UNRRA: Midle-Eastern Camps

Figure 1.--Here we see Yugoslav children at an unidentified UNRRA camp in the Middl East. The press caption read, "Yugoslav Children Eat Breakfast at Middle Rast Refugee Camp: Breakfast is a happy timr for these Yugoslav youngsters at a refugee camp in the Middle East. The children, driven from their homes by military operations, live in tent cities which are soperbised by the United Nations Relief and Rehabilitation Administration. Thousands of children under 13 years of age in these camps recive good food, ample clothing, care and guidance by trained personnel." The photograph is dated Julky 6, 1944 just at the point that NAZI military power was beginning to collapse and UNRRA could begin in the wake of advancing Allied armies its enormous task of saving millions of lives in liberated Europe.

The United States sperheaded the formation of the United Nations Relief and Rehabilitation Administration (UNRRA) (1943). UNRRA's first operations were in the Middle East and North Africa, taking over the operations of the British Middle East Relief and Refugee Administration and the camps thy set up to care for Europeans that manged to escape from the NAZIs and Soviets. The Middle East was he one area that the British managed to hold and sucessfully resist Axis military offensives. The numbers of European refugees reaching the Middle was realtively small, something like 40,000 people. It was not easy to escape from the NAZIs and Soviets. The refugees escaping ftrom the NAZIs were mnostly Greeks and Yugosalvs. The refugees escaping from the Soviets were mostly Poles. Other southern European countrues near the Middle East were either Axis coutrues (Italy, Romania, and Bulgaria). Spain did not joint the Axis, but has clse rekations to the NAZis and Italian Fascists, The difficulties of eacaping meant that the numbers of refugees was relativly small, compared to the desperate situation being created by the NAZIs in Europe. The need for asssistance building up in NAZI-occupied Europe was without parallel in European history, including the situation after World War I. Most of the food it distributed was provided by the Americans.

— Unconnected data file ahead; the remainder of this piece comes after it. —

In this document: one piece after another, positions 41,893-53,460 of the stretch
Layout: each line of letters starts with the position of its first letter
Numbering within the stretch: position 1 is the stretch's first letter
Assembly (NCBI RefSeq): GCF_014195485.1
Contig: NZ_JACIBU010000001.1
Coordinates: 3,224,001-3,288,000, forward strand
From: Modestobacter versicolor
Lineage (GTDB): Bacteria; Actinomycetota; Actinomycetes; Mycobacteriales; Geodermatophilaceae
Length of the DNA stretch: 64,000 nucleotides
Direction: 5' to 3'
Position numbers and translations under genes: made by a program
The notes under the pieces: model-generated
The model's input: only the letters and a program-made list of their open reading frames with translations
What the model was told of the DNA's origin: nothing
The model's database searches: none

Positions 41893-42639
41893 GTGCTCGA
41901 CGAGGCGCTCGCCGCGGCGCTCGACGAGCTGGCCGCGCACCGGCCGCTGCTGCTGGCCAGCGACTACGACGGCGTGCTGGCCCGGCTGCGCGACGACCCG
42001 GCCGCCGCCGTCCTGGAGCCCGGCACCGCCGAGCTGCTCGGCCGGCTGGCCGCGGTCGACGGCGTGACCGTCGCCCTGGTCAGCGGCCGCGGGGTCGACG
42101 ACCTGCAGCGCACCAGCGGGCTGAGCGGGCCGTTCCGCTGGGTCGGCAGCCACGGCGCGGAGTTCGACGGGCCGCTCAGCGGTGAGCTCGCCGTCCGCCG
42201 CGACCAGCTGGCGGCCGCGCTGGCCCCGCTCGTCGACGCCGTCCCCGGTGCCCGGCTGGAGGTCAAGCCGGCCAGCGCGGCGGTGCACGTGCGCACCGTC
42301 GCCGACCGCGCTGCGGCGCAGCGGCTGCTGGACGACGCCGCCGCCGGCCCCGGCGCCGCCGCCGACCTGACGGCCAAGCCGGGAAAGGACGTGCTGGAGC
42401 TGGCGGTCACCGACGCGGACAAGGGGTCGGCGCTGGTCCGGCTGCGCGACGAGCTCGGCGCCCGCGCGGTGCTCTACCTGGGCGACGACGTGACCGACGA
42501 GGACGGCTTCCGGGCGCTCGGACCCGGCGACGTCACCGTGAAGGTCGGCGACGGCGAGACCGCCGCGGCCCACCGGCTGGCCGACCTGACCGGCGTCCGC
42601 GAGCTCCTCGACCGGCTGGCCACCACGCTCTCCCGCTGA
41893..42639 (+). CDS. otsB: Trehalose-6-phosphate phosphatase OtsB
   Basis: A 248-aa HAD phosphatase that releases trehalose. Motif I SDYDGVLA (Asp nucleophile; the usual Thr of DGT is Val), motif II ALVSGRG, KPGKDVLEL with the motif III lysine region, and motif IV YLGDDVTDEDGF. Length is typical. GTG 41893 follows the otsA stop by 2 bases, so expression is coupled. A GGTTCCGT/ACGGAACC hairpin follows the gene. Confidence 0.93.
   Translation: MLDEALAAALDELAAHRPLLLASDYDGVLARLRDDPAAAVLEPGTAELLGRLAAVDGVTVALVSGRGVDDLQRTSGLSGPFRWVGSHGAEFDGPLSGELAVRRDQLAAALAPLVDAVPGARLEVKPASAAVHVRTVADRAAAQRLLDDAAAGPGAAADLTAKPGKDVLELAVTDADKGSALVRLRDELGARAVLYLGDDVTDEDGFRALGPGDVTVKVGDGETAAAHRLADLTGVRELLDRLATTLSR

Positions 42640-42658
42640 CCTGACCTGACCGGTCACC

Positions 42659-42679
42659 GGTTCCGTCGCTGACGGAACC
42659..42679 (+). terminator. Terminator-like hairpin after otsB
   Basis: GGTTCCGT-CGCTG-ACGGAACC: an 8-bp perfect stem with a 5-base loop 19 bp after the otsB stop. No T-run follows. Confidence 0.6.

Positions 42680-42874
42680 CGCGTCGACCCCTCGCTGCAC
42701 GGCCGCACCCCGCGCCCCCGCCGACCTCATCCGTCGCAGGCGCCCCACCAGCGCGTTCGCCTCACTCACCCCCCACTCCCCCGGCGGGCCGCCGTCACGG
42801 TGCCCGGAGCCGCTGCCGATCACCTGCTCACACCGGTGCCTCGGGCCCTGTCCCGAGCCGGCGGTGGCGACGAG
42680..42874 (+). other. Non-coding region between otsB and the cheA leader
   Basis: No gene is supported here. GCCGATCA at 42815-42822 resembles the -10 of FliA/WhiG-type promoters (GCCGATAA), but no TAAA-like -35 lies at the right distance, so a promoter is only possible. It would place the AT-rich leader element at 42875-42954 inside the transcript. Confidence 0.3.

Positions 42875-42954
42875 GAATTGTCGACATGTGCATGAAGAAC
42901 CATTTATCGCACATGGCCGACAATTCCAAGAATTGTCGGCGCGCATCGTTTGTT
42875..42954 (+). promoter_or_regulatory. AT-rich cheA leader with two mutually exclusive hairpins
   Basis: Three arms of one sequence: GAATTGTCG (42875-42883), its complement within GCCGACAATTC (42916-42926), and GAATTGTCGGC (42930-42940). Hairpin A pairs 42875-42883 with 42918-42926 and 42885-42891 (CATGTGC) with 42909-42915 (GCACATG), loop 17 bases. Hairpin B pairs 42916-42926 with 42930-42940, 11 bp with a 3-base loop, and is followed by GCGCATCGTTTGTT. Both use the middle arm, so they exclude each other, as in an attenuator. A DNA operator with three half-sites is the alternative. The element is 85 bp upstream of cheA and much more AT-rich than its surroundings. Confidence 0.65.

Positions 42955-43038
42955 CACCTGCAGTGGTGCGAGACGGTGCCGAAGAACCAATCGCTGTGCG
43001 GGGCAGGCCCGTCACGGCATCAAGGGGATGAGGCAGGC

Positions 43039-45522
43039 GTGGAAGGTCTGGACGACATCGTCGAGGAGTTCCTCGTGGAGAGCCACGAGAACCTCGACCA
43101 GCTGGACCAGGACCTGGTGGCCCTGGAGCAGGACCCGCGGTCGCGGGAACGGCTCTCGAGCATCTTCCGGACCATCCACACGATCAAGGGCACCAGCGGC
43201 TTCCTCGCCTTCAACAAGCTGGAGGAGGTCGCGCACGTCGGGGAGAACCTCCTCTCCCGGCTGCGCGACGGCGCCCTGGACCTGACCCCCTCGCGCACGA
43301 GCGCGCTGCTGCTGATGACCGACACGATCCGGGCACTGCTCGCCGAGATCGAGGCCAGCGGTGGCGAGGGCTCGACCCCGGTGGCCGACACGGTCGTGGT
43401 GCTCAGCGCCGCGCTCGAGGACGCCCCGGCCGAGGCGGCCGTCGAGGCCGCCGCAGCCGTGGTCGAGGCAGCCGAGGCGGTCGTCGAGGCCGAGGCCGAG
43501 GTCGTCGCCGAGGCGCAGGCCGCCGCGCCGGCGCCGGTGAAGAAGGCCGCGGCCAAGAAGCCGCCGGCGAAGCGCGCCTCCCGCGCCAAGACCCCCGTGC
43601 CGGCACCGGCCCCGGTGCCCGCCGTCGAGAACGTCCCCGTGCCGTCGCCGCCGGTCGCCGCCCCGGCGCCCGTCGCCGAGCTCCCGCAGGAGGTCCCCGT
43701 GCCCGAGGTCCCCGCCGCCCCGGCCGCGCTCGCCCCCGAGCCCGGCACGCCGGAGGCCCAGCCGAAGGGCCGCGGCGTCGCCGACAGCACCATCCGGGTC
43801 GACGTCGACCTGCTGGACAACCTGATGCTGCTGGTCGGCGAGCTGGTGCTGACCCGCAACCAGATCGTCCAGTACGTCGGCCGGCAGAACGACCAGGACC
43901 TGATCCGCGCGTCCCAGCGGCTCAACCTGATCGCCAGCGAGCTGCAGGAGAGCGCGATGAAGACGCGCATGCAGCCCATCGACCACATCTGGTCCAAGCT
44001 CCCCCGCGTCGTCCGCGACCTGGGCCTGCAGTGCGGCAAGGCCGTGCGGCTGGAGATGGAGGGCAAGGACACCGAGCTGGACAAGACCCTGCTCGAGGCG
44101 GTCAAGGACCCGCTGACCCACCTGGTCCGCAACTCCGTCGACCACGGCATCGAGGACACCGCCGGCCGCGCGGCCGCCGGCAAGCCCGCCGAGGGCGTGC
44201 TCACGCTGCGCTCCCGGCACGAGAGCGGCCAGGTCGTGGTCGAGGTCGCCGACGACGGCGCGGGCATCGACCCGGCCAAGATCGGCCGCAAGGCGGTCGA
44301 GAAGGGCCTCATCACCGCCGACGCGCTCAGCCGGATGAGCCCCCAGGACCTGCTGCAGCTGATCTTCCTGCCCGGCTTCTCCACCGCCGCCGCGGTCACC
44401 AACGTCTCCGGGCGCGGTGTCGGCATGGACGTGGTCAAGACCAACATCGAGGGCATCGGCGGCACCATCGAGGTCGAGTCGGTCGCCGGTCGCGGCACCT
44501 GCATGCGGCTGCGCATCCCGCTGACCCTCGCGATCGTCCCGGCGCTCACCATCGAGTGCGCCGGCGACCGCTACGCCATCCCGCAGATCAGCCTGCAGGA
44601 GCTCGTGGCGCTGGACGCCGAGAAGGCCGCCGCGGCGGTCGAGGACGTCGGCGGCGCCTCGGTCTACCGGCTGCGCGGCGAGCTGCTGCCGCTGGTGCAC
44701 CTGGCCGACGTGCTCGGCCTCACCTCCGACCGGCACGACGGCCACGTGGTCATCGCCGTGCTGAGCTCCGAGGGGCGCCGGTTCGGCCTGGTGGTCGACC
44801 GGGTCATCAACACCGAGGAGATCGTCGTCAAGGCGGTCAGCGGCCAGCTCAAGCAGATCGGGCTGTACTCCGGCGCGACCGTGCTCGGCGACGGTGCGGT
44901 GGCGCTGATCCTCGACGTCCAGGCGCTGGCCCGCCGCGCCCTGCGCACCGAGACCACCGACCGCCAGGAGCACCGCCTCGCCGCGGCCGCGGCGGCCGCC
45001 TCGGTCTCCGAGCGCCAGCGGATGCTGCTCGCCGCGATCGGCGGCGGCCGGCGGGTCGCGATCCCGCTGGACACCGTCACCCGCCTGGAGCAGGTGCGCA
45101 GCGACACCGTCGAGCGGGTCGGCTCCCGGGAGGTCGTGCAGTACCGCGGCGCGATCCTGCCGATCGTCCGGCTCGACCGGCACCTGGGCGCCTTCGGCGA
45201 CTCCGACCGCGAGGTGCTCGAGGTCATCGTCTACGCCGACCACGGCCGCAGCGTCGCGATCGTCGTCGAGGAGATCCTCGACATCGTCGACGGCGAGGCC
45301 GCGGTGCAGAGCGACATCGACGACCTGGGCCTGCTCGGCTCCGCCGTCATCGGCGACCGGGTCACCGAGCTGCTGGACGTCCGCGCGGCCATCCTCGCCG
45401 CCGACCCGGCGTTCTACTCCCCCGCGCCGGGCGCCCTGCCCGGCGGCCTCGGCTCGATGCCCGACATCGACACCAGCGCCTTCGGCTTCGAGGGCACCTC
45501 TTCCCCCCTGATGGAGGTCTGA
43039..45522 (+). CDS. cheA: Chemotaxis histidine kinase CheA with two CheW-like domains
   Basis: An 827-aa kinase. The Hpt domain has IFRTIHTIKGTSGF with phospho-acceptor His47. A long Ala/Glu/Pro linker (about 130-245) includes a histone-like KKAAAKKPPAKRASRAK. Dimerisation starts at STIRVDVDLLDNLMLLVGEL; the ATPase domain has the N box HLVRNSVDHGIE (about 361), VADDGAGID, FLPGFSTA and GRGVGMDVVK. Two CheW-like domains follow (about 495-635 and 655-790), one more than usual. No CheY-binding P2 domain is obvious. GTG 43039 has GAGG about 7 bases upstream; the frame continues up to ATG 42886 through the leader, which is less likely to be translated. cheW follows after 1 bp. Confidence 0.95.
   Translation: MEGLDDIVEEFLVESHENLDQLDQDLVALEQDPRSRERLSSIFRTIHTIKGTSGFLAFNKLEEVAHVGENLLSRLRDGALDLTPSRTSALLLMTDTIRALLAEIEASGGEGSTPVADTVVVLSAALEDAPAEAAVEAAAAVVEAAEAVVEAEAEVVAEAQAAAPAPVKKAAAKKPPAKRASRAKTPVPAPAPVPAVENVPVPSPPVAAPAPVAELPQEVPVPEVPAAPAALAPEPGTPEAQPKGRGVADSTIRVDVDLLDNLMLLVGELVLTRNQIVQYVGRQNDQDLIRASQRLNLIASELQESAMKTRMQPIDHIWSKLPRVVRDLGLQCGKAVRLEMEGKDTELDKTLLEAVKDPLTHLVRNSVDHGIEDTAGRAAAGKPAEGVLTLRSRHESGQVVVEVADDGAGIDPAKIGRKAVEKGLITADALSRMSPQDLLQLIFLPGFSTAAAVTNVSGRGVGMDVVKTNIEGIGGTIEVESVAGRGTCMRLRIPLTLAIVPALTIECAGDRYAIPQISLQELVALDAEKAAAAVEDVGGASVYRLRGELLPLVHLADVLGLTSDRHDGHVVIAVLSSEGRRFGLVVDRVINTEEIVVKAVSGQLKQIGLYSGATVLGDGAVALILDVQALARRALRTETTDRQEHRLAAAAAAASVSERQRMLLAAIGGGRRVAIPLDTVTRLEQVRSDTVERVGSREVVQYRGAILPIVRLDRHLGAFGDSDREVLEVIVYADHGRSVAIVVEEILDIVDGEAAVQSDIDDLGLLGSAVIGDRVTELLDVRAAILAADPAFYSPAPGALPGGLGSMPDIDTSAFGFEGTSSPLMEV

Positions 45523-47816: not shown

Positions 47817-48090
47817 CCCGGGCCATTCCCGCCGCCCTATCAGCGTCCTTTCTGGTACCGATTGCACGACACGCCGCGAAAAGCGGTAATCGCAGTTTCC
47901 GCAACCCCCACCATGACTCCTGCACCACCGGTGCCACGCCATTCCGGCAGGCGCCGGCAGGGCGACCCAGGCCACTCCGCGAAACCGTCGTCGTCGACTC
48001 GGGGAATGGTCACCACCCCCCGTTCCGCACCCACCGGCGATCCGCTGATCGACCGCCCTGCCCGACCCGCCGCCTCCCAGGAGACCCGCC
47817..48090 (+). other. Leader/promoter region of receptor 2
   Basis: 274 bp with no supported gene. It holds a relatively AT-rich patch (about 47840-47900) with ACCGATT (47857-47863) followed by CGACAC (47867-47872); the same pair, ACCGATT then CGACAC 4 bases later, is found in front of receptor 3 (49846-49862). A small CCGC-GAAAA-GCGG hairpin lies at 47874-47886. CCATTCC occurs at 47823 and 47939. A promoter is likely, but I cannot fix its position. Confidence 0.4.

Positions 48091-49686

Navigate the CIH World War II Section:
[Return to Main UNRRA page]
[Return to Main displaced children page]
[Return to Main Holocaust displaced children page]
[Return to Main World War II page]
[Return to Main Holocaust page]
[About Us]
[Aftermath] [Biographies] [Campaigns] [Children] [Countries] [Deciding factors] [Diplomacy] [Geo-political crisis] [Economics] [Home front] [Intelligence]
[Military forces] [POWs] [Resistance] [Race] [Refugees] [Technology] [Totalitarian powers]
[Bibliographies] [Contributions] [FAQs] [Images] [Links] [Registration] [Tools]
[Return to Main World War II page]
[Return to Main war essay page]
[Return to CIH Home page]

Created: 6:52 PM 1/10/2017
Last updated: 6:52 PM 1/10/2017